Thursday, 26 August 2010

See, it's not just me!

One of the problems with specialisation is that it isolates. The amount you know about a subject seems to be inversely proportional to the number of people with whom you'll be able to talk about it. Of course, in the world of blogs and twitters it's possible to find people with similar interests and ideas (and thereby ward off the fear that one is going slowly mad). I have become, in recent months, an avid reader of aidworker blogs. I particularly enjoy the dialogue between the various blogs that I follow - it creates just that artificial sense of community that the anti-tech people decry. And it's encouraging (soothing...?) to come across a blog post that echos my own more eccentric tendencies, such as, in this case, getting hopelessly excited about Gapminder. Especially when someone like Duncan Green of From Poverty to Power so eloquently explains why it's so damn cool:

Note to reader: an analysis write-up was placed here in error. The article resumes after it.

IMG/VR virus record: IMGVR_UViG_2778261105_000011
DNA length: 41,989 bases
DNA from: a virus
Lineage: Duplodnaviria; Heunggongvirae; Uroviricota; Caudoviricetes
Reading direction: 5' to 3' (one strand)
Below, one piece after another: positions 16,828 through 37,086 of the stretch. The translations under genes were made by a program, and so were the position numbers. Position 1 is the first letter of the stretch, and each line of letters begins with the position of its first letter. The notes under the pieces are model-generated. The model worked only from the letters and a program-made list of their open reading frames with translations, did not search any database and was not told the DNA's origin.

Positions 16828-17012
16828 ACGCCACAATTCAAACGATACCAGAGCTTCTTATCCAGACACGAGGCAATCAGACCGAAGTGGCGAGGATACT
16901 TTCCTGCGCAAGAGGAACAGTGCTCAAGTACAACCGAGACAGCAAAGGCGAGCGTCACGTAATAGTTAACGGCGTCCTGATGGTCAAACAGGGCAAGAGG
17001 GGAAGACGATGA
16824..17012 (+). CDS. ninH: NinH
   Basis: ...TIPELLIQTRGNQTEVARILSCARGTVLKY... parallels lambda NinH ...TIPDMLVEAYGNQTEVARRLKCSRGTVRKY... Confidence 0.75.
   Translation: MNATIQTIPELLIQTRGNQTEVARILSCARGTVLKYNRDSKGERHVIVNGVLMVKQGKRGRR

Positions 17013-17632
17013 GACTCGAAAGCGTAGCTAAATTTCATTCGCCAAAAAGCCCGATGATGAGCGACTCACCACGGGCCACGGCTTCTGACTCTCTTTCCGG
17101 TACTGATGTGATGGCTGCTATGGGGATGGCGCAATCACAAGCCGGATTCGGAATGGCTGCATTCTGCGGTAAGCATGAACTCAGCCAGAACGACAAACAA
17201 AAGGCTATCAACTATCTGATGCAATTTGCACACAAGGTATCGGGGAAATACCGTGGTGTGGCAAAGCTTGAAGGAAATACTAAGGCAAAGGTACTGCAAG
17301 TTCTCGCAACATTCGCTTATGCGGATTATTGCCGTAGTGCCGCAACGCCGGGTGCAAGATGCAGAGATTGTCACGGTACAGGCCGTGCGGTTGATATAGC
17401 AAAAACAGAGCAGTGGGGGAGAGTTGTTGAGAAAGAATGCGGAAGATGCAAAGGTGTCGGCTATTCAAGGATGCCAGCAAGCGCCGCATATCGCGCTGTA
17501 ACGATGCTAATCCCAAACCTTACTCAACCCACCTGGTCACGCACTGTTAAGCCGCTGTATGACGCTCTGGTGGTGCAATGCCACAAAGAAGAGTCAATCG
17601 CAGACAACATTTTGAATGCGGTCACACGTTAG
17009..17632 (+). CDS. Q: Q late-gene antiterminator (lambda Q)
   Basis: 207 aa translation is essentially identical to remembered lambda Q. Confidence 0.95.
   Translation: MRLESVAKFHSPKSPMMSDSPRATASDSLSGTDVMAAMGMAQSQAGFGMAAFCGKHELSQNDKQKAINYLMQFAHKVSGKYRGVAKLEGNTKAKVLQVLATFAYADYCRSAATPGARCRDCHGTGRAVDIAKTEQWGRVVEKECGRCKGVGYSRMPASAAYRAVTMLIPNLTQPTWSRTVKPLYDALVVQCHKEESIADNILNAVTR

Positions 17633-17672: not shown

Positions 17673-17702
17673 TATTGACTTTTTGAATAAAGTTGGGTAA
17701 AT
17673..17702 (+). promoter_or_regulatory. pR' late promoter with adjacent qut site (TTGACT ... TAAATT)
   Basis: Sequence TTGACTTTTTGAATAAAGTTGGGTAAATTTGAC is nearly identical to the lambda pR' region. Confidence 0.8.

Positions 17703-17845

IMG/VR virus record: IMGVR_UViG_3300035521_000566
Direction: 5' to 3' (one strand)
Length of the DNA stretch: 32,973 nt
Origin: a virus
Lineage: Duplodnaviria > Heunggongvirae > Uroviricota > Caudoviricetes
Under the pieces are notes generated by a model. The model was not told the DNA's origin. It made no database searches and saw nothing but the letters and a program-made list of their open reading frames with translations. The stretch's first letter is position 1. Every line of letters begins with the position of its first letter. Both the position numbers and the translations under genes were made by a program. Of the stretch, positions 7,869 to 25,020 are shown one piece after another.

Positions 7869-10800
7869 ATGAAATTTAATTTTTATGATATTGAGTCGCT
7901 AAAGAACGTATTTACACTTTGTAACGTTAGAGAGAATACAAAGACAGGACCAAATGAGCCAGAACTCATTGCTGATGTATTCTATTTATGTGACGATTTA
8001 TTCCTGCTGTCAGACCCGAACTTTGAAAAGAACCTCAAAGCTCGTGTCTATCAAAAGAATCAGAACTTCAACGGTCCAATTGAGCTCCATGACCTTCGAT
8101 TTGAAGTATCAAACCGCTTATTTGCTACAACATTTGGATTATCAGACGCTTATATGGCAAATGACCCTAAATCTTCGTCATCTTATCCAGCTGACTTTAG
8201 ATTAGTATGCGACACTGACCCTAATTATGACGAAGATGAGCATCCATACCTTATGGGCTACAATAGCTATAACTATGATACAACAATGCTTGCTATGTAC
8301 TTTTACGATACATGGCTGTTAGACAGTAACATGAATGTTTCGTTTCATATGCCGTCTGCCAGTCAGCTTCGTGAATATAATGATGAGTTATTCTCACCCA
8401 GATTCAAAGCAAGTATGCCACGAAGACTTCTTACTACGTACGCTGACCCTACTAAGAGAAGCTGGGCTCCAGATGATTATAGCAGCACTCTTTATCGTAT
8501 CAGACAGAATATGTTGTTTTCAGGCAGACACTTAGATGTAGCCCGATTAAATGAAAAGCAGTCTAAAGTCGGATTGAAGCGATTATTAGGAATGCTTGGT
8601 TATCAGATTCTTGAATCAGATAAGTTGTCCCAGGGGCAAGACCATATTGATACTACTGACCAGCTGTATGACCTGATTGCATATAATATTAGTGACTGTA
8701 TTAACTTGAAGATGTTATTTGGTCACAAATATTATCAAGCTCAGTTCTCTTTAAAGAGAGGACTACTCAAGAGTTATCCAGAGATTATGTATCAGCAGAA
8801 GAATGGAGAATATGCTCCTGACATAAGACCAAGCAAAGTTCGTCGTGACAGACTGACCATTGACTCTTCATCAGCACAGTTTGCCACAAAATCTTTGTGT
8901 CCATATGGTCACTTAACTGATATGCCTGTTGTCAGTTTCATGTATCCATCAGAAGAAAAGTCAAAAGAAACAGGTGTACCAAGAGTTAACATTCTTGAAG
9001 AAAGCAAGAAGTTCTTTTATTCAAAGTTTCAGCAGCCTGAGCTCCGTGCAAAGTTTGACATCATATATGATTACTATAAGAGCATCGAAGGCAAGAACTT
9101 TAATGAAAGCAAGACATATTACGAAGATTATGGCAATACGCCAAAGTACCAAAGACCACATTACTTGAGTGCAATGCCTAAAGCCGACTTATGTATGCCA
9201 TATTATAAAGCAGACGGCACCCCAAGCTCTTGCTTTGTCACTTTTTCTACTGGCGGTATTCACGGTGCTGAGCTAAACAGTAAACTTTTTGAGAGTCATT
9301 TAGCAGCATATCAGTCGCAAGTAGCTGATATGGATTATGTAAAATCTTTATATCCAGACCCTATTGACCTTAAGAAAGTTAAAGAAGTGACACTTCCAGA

It gives you a ringside seat for a speeded up history of the world – an Olympian feeling, not playing God exactly, but more like being in his/her monitoring and evaluation team.
On a completely different note, this dicussion of leadership in complexity made me stop and do a double-take. I used to work at an organisation where the leader was exactly all those adaptive-leader things. He rocked. I've never been so engaged and excited to work on something - and it was working on something rather than working for someone. And just to complete the contrast, the person who slowly took over from him (and drove me to the point of misery where I quit my job) exactly fitted the description of a traditional leader. How bizarre.

Also, oooh with the pretty pictures (explanation here)




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